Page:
Making it Work When Selling & Buying a Home at the Same Time

Remember your first time when buying your first home and you are a house buyer newbie? Yes… it wasn’t easy as a pie. Whether you have to move or downsizing, you will need to sell your home and buy a new one. Buying your first home is quite easier since there’s no excess baggage on your back. But since you are moving into a new place, you need to think about selling your home AND buying a new house. You might be wondering, how other people could do this at the same time?

We will give some of the aspects so you could have an idea what to look forward and how would you do it.


Do your own assessment.

You need a general view of what you will be dealing with. Research on how the housing market is doing in your area or in the area you are planning to move to. By doing your own homework will help you understand more and have intelligent questions to ask your realtor. Is it the seller’s or buyer’s market? How long it usually for a property to stay on the market? What is the average price within the area and so on?  How competitive is the market nowadays?

Knowing the situation beforehand will guide you on what things you need to anticipate and to ready for.


Plan your steps.

After careful assessment, you have a clear outlook on what steps you will take. If you are going to sell before you buy a new home, this is good to your financial leverage but then you have to think about where you will stay if you sold your house before finding a new place. If you are going to buy your new home and sell after, this will affect your financial capability to pay two mortgages every month. In case you found a lender who will approve your loan, this will affect your household debt-to-income ratio. It will be convenient to have a place to move into but it will take a toll on your finances. Remember, money put down to your new place shouldn’t be borrowed. You have to be financially ready for this.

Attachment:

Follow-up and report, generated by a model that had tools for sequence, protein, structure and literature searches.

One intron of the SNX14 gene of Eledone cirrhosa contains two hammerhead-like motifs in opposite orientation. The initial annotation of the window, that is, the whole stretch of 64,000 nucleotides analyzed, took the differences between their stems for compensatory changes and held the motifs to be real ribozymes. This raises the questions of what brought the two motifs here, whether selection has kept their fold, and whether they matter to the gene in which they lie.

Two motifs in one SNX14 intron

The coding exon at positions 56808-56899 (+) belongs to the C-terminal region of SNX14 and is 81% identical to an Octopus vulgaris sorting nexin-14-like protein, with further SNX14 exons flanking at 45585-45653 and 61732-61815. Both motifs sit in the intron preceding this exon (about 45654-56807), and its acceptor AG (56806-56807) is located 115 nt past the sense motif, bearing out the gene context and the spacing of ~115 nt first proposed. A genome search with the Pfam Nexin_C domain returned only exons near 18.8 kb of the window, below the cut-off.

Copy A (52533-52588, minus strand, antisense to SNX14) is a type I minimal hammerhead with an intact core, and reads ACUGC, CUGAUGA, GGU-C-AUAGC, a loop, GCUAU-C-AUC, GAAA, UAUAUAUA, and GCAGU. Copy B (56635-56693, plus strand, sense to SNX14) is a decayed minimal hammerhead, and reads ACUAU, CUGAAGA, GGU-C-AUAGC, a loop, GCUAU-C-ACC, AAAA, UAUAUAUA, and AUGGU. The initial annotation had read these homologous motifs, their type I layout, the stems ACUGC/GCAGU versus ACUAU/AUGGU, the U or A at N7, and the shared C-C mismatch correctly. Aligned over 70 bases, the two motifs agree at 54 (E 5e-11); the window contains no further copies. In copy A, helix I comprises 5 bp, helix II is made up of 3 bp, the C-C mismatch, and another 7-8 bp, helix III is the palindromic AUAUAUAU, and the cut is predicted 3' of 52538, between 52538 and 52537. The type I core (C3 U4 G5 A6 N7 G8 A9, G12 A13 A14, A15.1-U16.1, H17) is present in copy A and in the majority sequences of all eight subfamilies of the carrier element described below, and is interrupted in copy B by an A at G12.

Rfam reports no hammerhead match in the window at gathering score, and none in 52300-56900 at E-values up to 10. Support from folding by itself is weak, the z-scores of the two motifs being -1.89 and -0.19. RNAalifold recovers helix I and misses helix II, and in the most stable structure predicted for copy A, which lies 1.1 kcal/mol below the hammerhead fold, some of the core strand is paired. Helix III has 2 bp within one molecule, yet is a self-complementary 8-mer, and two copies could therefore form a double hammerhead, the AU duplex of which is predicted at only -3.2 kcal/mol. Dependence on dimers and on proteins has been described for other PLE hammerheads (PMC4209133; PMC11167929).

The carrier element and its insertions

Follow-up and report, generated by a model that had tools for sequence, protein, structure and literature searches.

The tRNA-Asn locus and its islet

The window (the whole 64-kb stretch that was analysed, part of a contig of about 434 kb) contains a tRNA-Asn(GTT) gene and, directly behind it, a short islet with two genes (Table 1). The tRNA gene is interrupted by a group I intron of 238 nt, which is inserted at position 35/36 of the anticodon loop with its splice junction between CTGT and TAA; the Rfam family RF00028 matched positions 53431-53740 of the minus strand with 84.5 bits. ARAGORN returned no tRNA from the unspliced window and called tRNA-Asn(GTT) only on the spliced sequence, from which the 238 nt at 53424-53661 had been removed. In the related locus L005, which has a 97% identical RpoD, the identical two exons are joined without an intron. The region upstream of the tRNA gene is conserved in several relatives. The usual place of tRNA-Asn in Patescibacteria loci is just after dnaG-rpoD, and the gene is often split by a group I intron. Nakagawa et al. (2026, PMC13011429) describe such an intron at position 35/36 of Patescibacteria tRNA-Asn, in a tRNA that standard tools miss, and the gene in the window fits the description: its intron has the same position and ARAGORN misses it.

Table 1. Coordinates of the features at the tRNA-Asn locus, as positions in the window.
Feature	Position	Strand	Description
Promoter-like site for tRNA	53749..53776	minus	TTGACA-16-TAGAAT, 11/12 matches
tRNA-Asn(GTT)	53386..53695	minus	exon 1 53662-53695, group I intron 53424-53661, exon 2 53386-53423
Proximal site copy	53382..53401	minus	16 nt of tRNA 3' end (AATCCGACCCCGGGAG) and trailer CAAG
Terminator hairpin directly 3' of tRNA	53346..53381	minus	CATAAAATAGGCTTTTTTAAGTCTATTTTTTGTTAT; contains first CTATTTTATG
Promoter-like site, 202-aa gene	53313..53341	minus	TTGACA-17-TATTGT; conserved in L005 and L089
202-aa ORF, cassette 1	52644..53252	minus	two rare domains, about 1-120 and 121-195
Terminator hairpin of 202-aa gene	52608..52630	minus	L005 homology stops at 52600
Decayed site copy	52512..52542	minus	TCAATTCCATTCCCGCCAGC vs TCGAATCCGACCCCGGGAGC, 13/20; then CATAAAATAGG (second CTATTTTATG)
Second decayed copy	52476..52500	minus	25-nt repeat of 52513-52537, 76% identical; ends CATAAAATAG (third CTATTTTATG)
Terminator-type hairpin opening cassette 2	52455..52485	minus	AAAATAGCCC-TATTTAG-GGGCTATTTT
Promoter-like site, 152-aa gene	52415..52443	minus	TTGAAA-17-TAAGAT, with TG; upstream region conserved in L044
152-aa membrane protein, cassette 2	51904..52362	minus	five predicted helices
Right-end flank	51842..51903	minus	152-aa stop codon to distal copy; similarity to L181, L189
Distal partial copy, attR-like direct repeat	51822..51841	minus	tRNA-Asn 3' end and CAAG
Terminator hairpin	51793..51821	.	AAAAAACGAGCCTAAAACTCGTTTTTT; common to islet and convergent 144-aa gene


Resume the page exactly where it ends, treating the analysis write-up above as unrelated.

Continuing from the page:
Planning your steps when buying and selling a home at the same time needs one step ahead of thinking. Anticipate the things you have to face in case one step falls apart. In this business, you are not the only factor that has an effect in this process.


Set expectations realistically and achievable.

No matter how your plan was laid out perfectly, you have to expect the unexpected. Prepare yourself mentally, emotionally, physically, and financially. It doesn’t mean that when we plan just a small setbacks will be encountered, this goes to setting our expectations like thinking you can sell a house in a month or your offer will be accepted because it was fair and good.


Prepare financial contingencies.

Since home buying or selling is a vital financial decision, planning when your plans won’t go your way is important. Knowing your finances fully will help you make adjustments and avoid making big mistakes like accepting a low offer for your house or purchasing a new home because you must move right away.  Discuss with your financial advisor or mortgage broker what your options are when something fails. Some homeowners tend to strike a deal with new owners of their house to rent it out to them on a month-to-month basis up to 60 or 90 days until they find their own new home. Knowing what step to take when plans don’t go your way will help you reduce the risks and the stress.


Don’t get emotional.

When everything fails or a deal fell apart, don’t let your emotions take over your decision-making facilities. Do not panic. Since you have done your part and made your plans, don’t let your emotions get in the way to make a sound decision. You can call a professional, your realtor, to guide you since they have the skills for this business.

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